After my last post, a friend tweeted me and said, “Now that I know who I am not, who am I?”
It seems like most of our lives are centered around definition; around discovering who we are. Now you can get all metaphysical and state that we are all just pure consciousness and that the ego is the great pretender, seething for an identity. And while I can buy into that at some level, rarely does that sentiment chip away at the frostbite of loneliness and isolation that we feel when we just can’t seem to relate. We’re all looking to belong to something but before we discover where we fit, presumably we’ve got to determine who we are.
It almost seems en vogue these days to be in the midst of some form of existential crisis or another. The idea of the corvette-revving toupee-wielding middle-ager is so cliche it’s almost campy. Now we tattoo our bodies with zodiac signs and favorite song lyrics, name our children after Celtic warriors and obscure vegetables, and take up pole dancing as an alternative to actual physical fitness – all so we can carve out our own personal sections of humanity and stake claim to our very selves.
I can’t remember where we learned that to be is not good enough. We have to do and say and preach and act and show the world that we’ve got just a little more personal significance than the guy next door. And to what end? To become perpetual motion creatures keeping up with the Joneses only to discover that the Joneses are only who they are in comparison to you.
The Indigo Girl say that “the less I seek my source for some definitive, the closer I am to fine.” And isn’t “fine” precisely what we are all trying to capture?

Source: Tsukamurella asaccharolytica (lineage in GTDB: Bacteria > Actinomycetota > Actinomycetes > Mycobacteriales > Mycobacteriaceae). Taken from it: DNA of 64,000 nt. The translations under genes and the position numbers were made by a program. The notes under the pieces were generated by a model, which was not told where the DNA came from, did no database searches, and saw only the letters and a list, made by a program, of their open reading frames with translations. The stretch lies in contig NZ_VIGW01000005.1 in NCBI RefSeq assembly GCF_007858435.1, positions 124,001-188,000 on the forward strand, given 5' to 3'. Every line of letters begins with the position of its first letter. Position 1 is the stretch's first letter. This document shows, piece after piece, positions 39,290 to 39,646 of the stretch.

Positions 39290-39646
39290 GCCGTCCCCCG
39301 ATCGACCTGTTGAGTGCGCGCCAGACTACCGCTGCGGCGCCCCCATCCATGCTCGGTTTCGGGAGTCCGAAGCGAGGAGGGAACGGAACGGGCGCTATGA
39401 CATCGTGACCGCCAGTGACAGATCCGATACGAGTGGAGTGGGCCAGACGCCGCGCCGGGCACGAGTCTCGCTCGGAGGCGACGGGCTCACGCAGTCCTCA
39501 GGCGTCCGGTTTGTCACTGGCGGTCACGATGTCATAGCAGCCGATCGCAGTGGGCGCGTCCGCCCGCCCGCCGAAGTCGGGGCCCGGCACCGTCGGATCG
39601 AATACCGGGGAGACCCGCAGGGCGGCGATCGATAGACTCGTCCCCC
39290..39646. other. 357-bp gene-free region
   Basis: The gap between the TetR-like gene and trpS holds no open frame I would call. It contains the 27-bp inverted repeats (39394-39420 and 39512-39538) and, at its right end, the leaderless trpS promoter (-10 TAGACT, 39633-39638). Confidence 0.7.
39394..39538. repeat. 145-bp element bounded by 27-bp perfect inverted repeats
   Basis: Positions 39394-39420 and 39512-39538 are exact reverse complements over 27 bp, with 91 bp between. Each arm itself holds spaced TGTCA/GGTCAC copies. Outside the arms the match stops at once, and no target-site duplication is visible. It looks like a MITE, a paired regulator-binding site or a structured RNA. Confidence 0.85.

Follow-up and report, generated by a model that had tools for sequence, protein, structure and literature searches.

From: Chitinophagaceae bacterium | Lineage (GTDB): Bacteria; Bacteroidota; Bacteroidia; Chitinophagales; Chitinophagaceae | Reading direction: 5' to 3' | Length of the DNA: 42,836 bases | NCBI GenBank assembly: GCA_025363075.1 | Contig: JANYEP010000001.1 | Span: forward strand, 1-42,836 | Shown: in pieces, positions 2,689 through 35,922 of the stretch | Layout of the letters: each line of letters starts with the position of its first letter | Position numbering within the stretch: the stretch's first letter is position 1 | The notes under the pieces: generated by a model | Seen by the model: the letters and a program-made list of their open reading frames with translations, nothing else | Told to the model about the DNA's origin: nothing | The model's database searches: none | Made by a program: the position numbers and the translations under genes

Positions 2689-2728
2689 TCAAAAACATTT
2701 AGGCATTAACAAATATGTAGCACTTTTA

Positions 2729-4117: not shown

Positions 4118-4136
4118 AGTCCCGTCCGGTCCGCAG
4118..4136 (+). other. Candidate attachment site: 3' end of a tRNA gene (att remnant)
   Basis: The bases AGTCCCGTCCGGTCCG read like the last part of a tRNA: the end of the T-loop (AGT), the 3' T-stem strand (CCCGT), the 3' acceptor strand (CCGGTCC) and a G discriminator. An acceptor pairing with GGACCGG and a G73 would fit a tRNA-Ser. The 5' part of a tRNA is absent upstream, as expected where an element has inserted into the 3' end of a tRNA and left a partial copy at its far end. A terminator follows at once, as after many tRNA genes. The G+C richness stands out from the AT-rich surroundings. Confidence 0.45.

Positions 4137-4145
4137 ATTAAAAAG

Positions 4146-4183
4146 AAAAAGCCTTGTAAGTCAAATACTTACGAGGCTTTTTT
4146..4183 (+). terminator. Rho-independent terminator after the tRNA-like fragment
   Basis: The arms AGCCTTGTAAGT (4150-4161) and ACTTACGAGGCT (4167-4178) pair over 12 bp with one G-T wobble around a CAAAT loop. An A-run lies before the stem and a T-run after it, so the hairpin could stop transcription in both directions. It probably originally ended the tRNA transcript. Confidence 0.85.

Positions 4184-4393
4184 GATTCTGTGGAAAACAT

What if who we are had nothing to do with the variable juxtaposition of the people and things around us?
I don’t believe we have the vocabulary or even the functional capacity to learn who we are without the process of elimination. If someone asked me “who are you” I would immediately start thinking of who I want to be, and gauge my life as it measured up to my ideal sentiment. God that’s depressing.
The problem with seeking an identity is that we are always going to fall short. No one of us is exactly who we want to be, and if we were there would be no room for personal progress. I’m always happier when I can clearly identify what I am not (or what I am not anymore) and feel happy about that. Experience is fluid, so if we choose an identity and hold fast to it despite an ever-evolving backdrop we suddenly become irrelevant. It reminds me of a certain conservative politician who clutches desperately to a belief about effective birth control when evidence to the contrary is literally staring her in the face; she couldn’t change her mindset because it would destroy her identity, as antiquated as it may be.
Are we “closer to fine” if we let go of the things by which we define ourselves? Can we exist in a state of perpetual “whatever” and still feel like we’ve got a grip on life?
When I make a choice today, I’m tempted to ask myself, “What am I trying to prove to the world?” The answers are usually quite piercing if I’m honest with myself. But sometimes that’s ok. Sometimes I want a definition. Otherwise I run the risk of letting everyone else define me, and knowing what I know, that could get dangerous.